Chapter 7: Lift Up Your Hands
Tonight my friend and I got manicures and pedicures. She took me across the city to a nice little place she frequents and we laughed as the Pedicurist worked vigorously at our feet, mostly mine. It was a relaxing affair… until the nail polish dried.
You see, once the nail polish dried, it was time to leave that little piece of heaven where were pampered on plush red couches.
We left and after she helped me figure out which bus to get on, she went off to take the metro home.
I went after the bus. I saw it, but I wasn’t quite there, so I ran… sort of… in my sandals and got there just in time to watch it drive away. So I waited and waited and waited. At last, another bus with the same number came. When I got on the lady didn’t charge me because when I said “To Wal-Mart,” she knew I was on the wrong bus. She told me which bus to get on by scribbling the bus number on a sheet of paper and told me to get off and catch it at the next stop. I thought she was pointing across the street.
So I got off and went across the street and got on that bus number. Across the street, the buses go in the opposite direction. On that bus, after saying “Wal-Mart” in every way I could think of, “Wa Er Mar,” “Wearmar,” “Wal-Mart”… the driver just said “no” and shoed me off the bus. At that point I was starting to get anxious.
I went back across the street and caught the same bus number, but going in the opposite direction, the original direction. The lady working the tickets got a young girl to tell me as best she could in broken but respectable English that I needed to get off at the stop I was instructed and take bus 22 in order to get to Wal-Mart. The reason I wanted to go to Wal-Mart was simply because I forgot the little card at home that tells me which bus to take to get home and Wal-Mart is close enough to home that I can walk.
We drove down a dark remote road and they told me to get off. I was expecting a bus stop with the bright lights and signs that have at least the name of the current location in English, a sidewalk to stand on, and a covering to stand under. No, not this place. There was a sign, no larger than a street sign sticking out of some bushes. There was no quality lighting and I’m almost certain there was prostitution right across the street. Then I saw bus 22 coming. I got on and the bus driver signaled that I didn’t need to pay. I felt hope. He didn’t speak English, but he had a caring face. He smiled. He tried to ask questions, but we didn’t understand much of each other. I pulled out one of the cards that gave a location I am at least familiar with and showed it to him. I didn’t have any luck with the previous bus drivers when I said “Sea World or Wal-Mart… I don’t care which.” Sea World is the name of a part of the city that is well lit, has many restaurants, lots of people, and I know which bus to take to get home from that spot. He smiled and drove. I could tell we were close. The bright colorful lights that fill the streets began to fill my sight. I saw the big lit up boat, which by the way is why they call it Sea World. There is no sea. There is a boat affixed to land. That makes it… Sea World.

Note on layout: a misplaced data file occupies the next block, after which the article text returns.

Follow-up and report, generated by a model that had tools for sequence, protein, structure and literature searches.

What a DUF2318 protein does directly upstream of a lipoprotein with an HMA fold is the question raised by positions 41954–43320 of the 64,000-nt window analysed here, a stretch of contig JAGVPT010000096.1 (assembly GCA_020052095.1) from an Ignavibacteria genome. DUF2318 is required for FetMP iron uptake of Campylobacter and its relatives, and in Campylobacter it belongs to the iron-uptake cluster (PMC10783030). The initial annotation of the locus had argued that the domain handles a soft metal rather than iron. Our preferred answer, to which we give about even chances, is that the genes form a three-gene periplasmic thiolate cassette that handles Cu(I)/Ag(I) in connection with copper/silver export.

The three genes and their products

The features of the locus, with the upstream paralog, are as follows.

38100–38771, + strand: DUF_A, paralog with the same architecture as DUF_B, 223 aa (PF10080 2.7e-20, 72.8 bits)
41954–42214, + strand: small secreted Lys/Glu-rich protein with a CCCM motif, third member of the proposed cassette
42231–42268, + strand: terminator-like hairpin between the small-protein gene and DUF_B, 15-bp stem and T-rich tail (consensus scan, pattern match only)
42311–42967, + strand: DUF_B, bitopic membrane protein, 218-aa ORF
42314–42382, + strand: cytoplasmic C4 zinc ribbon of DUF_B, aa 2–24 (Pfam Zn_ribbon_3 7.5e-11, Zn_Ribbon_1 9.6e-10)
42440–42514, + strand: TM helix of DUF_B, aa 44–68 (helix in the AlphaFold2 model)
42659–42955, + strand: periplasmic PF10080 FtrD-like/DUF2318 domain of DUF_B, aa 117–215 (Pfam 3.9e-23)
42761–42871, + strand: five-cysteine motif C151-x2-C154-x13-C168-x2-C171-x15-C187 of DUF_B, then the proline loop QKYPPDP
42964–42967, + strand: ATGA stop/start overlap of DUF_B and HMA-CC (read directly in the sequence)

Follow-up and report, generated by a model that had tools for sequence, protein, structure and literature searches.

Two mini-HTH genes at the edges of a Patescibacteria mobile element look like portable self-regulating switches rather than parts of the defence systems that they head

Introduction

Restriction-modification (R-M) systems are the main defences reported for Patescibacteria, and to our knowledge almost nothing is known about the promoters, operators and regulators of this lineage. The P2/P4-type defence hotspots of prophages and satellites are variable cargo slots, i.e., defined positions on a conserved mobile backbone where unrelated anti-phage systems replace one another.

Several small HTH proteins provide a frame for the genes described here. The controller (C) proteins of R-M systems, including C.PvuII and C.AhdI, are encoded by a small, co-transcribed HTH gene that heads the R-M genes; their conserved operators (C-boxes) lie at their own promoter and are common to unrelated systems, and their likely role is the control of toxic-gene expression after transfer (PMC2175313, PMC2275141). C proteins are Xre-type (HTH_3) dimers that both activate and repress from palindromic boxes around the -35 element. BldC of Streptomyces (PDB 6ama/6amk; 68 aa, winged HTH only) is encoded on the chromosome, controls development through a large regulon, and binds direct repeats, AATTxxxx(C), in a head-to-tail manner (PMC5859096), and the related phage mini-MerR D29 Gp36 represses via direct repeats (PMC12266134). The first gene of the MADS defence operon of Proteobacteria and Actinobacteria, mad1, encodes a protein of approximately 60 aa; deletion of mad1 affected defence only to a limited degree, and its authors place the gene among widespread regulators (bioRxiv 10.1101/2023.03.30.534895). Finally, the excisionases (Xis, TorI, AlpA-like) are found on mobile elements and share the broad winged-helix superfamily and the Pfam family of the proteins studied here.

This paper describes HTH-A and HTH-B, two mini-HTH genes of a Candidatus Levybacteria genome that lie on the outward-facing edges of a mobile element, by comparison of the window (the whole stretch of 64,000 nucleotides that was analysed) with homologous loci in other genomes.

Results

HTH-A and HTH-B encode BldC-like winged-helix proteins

We were at Sea World. Well, we were almost there. We were on a remote street on the other side of Sea World, the side I’d never seen. The side I didn’t know existed. I could see the lively streets, over a huge dark, pit where construction was occurring. Then, he stopped. He gestured for me to get off. My heart sank. I signaled one more time just to make sure he meant for me to get off. He pointed to the big boat that symbolized Sea World and gestured for me to follow the winding road. So, hesitantly, I got off, with a lump in my throat and tears in my eyes.
He did a U-turn with the bus and went back. I was on a lonely street with no bus stop in sight at 10:00 PM. No one except for the occasional man on a bicycle peddling along the sidewalk or a small group of men meandering down the way were present. I didn’t know which way to turn. I looked up one end of the street and it wound around a corner, a relatively dark corner, and the other end did the same. Then I looked a third direction. It had no light at all.
I started walking up the street, the most well lit street. I quickly realized that only way to get to the “safe” part of town in my mind was to cross an abandoned, dark, muddy, rocky, desolate construction site that happened to have one or two men inhabiting, or to walk through a dark abandoned overpass—or I could see what was around the dark stretches of road beyond the high rise buildings under construction. I walked back and forth, crying. Looking for some other route, trying desperately to not get out of the lit spot I was in. A few cars passed. I crossed the street. I went forward down the winding road a few feet and then I came back. At last, I stopped, cried, looked at the part of town I needed to get to, remembered a quote my aunt put on Facebook this morning and followed its directions.
“When all seems lost and you feel like giving up then you need to Reach up as far as you can and God will reach down the rest of the way~”
so I literally looked up, put my hands in the air, said God I need you to send help because I can’t do this. I’m stuck.
I turned around and whizzing down the street was a taxi. I didn’t even have to flag him down. I just walked towards the street and he pulled over. It was like a scene from a movie. He had a gentle face as well. He didn’t speak English but he understood Wal-Mart and to Wal-Mart we went. At last, I was home.
The greatest sound of my day came from the beep of the electronic keypad as I opened the door to my building. God is good, all the time.